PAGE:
Sedin typified the great season the entire Canucks team enjoyed, winning the Art Ross and Ted Lindsay trophies, finishing top-five in goals, assists, points and plus-minus. In the likely event that coach Alain Vigneault can no longer start him in the offensive zone a league-high 74.5 percent of the time, or that Vancouver goalies can no longer manage a .927 save percentage with him on the ice, or his linemates a 11.0 percent shooting percentage, or that the 31-year-old himself can't maintain a career-high shooting percentage of his own, VUKOTA's projected regression will almost certainly come to pass, both for Daniel, and possibly brother Henrik, Alex Burrows and Ryan Kesler.

Lubomir Visnovsky, D, Anaheim Ducks
Last season: 22.7 GVT | VUKOTA Projection: 11.5 GVT

Despite being 34 years of age, Visnovsky set a host of career highs with 68 points, a plus-18, an 11.8 percent shooting percentage and 13 even strength goals. Anaheim may be thin up front after its top line, but the accomplished Czech will be competing with a deep and talented blue line for ice-time. How good was it for the Ducks last season? With Visnovsky on the ice, Anaheim scored on 11.2 percent of its shots last season. VUKOTA's conclusion? Back down to his usual low-40 point scoring range.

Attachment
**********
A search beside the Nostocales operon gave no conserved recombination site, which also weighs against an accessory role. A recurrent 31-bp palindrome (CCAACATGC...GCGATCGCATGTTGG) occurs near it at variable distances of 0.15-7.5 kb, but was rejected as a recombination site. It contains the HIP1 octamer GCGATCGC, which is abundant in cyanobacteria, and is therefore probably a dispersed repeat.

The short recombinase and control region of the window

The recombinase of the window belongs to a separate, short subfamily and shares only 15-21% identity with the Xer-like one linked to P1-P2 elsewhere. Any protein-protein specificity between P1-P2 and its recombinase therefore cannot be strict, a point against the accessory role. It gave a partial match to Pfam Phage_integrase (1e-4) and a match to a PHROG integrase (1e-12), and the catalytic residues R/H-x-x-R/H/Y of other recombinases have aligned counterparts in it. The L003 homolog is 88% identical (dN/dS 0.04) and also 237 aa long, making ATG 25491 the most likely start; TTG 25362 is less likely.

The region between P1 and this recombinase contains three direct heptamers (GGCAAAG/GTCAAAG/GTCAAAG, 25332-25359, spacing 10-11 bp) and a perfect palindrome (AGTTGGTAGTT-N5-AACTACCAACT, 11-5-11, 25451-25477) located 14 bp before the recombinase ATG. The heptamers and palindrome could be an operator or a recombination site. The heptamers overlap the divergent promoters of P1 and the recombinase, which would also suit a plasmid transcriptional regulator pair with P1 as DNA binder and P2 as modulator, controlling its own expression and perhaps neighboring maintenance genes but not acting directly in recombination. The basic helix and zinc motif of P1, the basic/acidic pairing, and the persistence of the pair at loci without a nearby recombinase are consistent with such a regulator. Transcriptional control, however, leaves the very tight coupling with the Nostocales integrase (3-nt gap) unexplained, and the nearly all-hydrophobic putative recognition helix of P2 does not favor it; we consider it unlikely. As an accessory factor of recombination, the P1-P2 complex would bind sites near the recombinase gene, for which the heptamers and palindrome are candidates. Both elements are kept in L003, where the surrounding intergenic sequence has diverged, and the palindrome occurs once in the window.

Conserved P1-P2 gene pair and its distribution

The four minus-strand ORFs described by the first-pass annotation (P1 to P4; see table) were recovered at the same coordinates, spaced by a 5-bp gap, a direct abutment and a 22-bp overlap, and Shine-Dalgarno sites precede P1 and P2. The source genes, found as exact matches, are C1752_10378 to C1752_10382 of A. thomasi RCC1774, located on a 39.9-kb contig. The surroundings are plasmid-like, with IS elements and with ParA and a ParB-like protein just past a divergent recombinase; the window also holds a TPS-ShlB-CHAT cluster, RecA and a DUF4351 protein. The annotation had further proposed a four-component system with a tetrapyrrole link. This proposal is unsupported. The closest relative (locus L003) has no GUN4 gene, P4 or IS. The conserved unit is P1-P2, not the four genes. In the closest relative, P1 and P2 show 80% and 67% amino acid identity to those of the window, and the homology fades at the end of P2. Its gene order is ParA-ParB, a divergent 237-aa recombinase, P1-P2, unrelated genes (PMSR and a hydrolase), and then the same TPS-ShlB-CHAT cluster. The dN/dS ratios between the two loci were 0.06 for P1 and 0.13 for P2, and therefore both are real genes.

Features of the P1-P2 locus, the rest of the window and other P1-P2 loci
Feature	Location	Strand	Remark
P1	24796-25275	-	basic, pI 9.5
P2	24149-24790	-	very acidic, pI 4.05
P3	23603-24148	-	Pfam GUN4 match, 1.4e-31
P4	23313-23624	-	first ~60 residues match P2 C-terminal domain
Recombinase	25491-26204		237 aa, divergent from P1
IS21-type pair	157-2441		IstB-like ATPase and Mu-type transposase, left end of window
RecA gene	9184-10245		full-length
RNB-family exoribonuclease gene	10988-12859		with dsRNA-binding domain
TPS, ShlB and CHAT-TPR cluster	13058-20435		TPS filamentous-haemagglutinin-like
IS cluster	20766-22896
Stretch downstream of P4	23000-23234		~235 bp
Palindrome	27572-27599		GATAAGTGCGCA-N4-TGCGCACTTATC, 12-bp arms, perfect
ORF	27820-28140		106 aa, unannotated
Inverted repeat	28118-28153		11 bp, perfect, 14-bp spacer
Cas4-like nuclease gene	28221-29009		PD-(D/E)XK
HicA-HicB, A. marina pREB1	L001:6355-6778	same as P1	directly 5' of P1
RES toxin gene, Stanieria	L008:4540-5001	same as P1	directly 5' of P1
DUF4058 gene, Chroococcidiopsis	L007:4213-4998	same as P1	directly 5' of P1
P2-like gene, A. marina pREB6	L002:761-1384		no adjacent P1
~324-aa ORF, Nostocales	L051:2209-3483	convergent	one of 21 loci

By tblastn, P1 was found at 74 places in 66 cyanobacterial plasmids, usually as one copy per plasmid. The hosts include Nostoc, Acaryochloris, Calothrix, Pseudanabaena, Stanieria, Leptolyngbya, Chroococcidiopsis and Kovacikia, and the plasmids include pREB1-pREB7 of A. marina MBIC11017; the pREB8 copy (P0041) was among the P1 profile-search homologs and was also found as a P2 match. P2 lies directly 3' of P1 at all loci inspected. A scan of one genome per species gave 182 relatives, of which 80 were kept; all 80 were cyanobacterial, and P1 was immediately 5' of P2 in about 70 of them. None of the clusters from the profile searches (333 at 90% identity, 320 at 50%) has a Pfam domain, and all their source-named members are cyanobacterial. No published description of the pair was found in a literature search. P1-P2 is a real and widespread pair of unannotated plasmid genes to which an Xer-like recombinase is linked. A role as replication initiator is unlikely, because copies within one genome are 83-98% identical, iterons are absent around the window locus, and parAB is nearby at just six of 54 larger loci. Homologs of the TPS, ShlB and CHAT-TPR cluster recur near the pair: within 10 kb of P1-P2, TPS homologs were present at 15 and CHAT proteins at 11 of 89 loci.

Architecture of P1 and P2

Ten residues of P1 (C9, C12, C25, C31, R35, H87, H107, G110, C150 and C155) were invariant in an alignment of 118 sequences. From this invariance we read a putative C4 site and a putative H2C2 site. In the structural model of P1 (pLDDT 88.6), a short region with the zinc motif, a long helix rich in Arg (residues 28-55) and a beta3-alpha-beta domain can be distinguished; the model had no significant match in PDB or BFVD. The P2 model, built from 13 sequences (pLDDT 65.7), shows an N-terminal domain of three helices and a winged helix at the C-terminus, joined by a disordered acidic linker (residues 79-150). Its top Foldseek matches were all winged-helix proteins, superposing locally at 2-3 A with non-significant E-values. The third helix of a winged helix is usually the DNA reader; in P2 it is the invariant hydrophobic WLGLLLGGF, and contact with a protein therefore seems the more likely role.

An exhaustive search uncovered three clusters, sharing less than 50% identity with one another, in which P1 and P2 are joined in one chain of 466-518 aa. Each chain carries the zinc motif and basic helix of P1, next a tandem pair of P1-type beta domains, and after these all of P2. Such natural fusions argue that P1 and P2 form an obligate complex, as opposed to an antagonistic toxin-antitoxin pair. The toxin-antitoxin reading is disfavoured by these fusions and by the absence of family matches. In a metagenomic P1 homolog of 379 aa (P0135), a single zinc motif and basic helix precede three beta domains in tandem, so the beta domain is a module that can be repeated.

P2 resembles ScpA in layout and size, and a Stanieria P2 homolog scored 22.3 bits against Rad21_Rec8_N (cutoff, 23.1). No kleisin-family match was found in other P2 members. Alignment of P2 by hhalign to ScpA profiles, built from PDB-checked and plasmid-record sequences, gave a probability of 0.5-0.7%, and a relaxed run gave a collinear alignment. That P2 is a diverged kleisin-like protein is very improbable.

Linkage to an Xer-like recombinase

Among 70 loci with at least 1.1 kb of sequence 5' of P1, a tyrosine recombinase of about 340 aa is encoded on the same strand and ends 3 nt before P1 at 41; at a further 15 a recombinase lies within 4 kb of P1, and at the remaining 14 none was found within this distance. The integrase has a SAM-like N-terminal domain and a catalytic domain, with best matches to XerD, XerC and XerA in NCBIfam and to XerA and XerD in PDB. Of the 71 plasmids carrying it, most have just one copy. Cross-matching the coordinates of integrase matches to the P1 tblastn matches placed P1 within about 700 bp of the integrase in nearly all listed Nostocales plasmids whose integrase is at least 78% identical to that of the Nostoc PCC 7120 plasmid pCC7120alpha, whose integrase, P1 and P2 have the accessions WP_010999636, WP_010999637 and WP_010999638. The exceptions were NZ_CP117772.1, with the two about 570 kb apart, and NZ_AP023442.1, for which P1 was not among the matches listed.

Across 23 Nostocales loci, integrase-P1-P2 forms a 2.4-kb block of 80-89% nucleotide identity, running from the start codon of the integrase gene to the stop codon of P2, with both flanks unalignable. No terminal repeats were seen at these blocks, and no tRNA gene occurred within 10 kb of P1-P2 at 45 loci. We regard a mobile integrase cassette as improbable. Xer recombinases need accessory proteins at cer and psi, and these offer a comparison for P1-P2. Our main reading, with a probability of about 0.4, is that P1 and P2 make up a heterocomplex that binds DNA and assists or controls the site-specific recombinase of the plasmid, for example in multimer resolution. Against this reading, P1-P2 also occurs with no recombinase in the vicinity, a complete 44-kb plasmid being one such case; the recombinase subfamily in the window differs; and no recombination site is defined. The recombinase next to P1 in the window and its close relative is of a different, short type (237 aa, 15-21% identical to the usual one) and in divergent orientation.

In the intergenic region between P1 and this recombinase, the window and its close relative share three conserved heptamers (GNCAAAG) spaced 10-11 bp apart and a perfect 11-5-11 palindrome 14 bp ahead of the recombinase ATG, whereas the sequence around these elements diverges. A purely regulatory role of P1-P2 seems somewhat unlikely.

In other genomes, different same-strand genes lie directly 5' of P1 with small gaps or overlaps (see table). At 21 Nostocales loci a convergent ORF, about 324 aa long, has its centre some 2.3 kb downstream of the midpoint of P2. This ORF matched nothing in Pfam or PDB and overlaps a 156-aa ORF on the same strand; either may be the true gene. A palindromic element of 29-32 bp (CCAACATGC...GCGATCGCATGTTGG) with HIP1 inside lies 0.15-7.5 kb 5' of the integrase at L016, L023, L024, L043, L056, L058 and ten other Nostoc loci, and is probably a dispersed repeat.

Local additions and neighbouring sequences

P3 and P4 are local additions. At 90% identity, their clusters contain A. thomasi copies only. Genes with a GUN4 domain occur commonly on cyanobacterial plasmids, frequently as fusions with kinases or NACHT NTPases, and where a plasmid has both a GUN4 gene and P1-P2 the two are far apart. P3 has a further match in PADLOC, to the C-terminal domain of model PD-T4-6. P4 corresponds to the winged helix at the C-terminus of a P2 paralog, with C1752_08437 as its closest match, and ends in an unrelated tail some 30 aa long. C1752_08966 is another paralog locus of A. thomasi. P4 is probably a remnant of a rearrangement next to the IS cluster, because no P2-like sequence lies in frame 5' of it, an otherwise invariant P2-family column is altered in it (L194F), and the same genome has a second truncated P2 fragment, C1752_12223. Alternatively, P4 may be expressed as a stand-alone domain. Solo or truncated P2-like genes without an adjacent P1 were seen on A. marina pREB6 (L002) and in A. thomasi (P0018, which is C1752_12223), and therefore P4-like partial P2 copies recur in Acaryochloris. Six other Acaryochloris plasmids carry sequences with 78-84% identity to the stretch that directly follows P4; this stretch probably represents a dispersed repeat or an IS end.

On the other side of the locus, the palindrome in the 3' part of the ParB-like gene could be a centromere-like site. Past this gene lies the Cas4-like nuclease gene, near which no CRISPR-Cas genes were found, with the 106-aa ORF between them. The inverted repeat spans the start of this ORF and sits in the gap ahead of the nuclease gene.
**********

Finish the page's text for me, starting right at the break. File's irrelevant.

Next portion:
Jonathan Toews, C, Chicago Blackhawks
Last season: 24.5 GVT | VUKOTA Projection: 14.6 GVT

VUKOTA is surely guilty of the worst kind of heresy for suggesting that one of the greatest young players in the league, who finished second in Selke voting, is going anywhere but up. Normally, we'd distance ourselves from the wacky system, but the truth is that there won't be the same opportunity for Toews to carry the team on his back if Marian Hossa is healthy, and Patrick Kane and Duncan Keith both return closer to their potential. In fairness, VUKOTA's projection still leaves Jonathan Toews in the top 10 among forwards, just not in the top three like last season.